Smart meters and untidy thinking - a blog from UKERC Co-Director Keith Bell

22 Jul 2015

Why does switching electricity take so long in Britain? And can smart meters help?
 

Earlier this month, the Competition and Markets Authority (CMA) published its latest interim report on competition in the energy sector, which concentrated on energy retail and the perception that consumers have paid significantly more for their energy than they needed to, and highlighting the ‘stickiness’ of customers who fail to switch retailers.

One of the things that makes it hard to foster competition around electricity and gas is that one retailer’s product is much the same as another’s. Voltage doesn’t have a colour except insofar as you are connected to the red, yellow or blue phases (sorry – engineers’ joke).  And it isn’t the retailer that determines quality of supply – the voltage, frequency, harmonic content and reliability of supply for electricity or the calorific value or pressure for gas – but the distribution network operator (DNO) – which consumers don’t get to choose.

All that is left in respect of the retailer are how much they charge are and whether they send out the correct bills. (OK, some retailers do offer options on ‘green’ energy).  Of course consumers need to be able to know what their bills are likely to be, and to have the option of switching if they don’t like what’s offered, and before their new retailer puts them on a worse deal.  But wouldn’t it help make the market more responsive to consumers if they could leave – or come back – much more quickly?

Both the CMA and Ofgem have recommended cutting the maximum time taken to switch from one retailer to another from 28 days to no more than a week, which would be more in line with other countries. There is currently something like a 40-step process to get through (though there is also a desire to give people a reasonable ‘cooling off period’ in which they can change their minds). Many of the steps are manual and include someone digging under the stairs to note the meter reading. Wouldn’t ‘smart meters’ help in this context?

DECC has mandated a roll-out of ‘smart meters’ to every household in Britain by 2020 at an estimated cost of £10.9 billion, justifying the expenditure on the basis of facilitating reductions in the energy use, mainly through consumer responses prompted by real-time displays of energy use. Understandably, in my view, many people are sceptical about the whole exercise if all it gives is ‘in-house displays’.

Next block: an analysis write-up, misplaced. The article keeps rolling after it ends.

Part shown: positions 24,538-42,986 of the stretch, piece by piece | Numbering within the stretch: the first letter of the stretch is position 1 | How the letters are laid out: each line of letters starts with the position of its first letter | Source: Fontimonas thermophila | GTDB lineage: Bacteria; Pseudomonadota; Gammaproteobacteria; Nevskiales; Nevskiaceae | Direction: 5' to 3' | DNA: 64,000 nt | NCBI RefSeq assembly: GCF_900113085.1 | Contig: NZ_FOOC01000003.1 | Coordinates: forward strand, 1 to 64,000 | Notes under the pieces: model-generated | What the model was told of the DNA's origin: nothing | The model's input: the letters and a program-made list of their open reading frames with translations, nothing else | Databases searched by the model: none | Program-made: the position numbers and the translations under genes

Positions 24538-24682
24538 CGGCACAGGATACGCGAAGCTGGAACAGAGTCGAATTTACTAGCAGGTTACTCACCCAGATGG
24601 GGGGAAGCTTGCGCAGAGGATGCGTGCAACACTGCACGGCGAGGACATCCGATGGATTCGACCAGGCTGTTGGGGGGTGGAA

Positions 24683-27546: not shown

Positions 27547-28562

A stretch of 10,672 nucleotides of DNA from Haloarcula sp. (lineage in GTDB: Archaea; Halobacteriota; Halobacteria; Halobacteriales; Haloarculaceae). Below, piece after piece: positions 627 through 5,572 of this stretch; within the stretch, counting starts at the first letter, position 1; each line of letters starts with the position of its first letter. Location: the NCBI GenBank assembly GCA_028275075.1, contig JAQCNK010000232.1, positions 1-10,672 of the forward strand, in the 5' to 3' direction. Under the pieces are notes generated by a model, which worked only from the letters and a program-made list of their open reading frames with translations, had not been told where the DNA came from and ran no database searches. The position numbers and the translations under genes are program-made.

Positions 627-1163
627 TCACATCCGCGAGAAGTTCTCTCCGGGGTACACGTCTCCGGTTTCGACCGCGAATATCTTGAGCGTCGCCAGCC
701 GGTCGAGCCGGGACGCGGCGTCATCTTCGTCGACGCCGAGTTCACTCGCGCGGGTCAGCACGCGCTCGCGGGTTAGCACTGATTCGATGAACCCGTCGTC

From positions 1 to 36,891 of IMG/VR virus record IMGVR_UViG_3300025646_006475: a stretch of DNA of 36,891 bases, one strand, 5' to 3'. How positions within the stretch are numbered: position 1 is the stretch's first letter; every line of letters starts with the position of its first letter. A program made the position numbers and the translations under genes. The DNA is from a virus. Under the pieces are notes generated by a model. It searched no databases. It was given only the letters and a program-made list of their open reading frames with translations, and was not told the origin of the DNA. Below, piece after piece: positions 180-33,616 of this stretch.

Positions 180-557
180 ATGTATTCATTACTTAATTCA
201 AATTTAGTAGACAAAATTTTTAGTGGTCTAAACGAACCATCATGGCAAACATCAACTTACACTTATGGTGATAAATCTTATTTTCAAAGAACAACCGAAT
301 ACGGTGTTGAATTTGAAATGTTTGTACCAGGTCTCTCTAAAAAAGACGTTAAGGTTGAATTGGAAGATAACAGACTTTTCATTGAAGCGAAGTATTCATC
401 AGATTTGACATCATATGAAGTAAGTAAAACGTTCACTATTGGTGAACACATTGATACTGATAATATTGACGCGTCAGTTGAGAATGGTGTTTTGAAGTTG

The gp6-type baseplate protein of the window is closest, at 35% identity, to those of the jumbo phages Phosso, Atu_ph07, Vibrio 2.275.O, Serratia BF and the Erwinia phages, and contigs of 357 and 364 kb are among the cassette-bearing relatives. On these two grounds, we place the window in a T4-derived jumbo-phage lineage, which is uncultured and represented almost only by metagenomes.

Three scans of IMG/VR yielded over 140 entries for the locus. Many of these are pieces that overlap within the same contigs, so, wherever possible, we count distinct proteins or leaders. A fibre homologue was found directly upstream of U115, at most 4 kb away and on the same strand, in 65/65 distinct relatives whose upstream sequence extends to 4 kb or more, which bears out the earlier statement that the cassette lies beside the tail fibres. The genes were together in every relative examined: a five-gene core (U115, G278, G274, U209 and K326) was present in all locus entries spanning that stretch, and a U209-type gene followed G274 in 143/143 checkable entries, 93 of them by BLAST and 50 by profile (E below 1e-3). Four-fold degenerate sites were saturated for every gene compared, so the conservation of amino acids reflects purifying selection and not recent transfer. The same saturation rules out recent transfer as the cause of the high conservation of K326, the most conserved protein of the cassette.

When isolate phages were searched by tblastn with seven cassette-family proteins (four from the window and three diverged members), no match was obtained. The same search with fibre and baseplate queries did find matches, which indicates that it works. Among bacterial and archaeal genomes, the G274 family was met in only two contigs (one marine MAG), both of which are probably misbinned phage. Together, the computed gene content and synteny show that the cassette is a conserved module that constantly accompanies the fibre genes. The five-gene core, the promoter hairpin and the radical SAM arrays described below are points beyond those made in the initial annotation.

In other countries, ‘smart meters’ have been rolled out and claimed as a success. In Italy, they were justified as a means of reducing the cost of ‘non-technical losses’ such as theft or unpaid bills. On that basis, they were quick to deliver and enormously successful.

The clue to take from this is something implied by definitions not of ‘smart meters’, but ‘advanced metering infrastructure’ (AMI), a key feature of which  is a (secure) communication between utilities and customers. Such a communication is critical to providing information to consumers (or disconnecting reluctant bill-payers) and collecting time-stamped consumption data so that bills can be determined quickly and accurately, including for any time-of-use tariffs that might be in place. (Welcome, Economy 8?) However, that basic communication says nothing fixed about what the consumer might do with the information they receive from a utility or gather about their own consumption.

I confess that I haven’t followed Britain’s ‘smart meter’ programme closely but my feeling is that we have made two basic errors. The first is to fail to distinguish between ‘advanced metering’ and ‘smart stuff’. The second has been to make meters the responsibility of retailers rather than DNOs.

Focusing on the minimum specification for secure time-of-use billing and providing information to the DNO should enable them to manage the network better. As I understand it, the main part of the cost of the proposed new ‘smart meters’ is not the cost of the meter itself but of safely installing it: of the order of £100 out of around £150 per meter. The DNOs could fit the meters  – and forget about them, with little risk of rapid obsolescence – and manage the network.

Retailers, and anyone else with a bit of imagination, could then compete for the supply of devices easily installed by the consumer themselves on their side of the meter (and not within the meter itself). Consumers could choose what features they want, including none. The devices would be cheap and have minimal installation costs so retailers could, without too much difficulty, write off the costs when customers switch, if indeed it was the retailer that provided the device. (It could easily be the consumer himself or herself.)

As the availability of power becomes increasingly variable and uncertain, with growing volumes of wind and solar power, and electrification of heat and transport, the infrastructure and information will be in place to enable smarter grid management and the development of increasingly differentiated products (and cheaper tariffs) by retailers.

This might seem like pie in the sky. But we can already signs of what’s possible in the growing market for flexible demand among half-hourly metered electricity customers and the services offered by aggregators. So perhaps the future won’t be so dumb after all.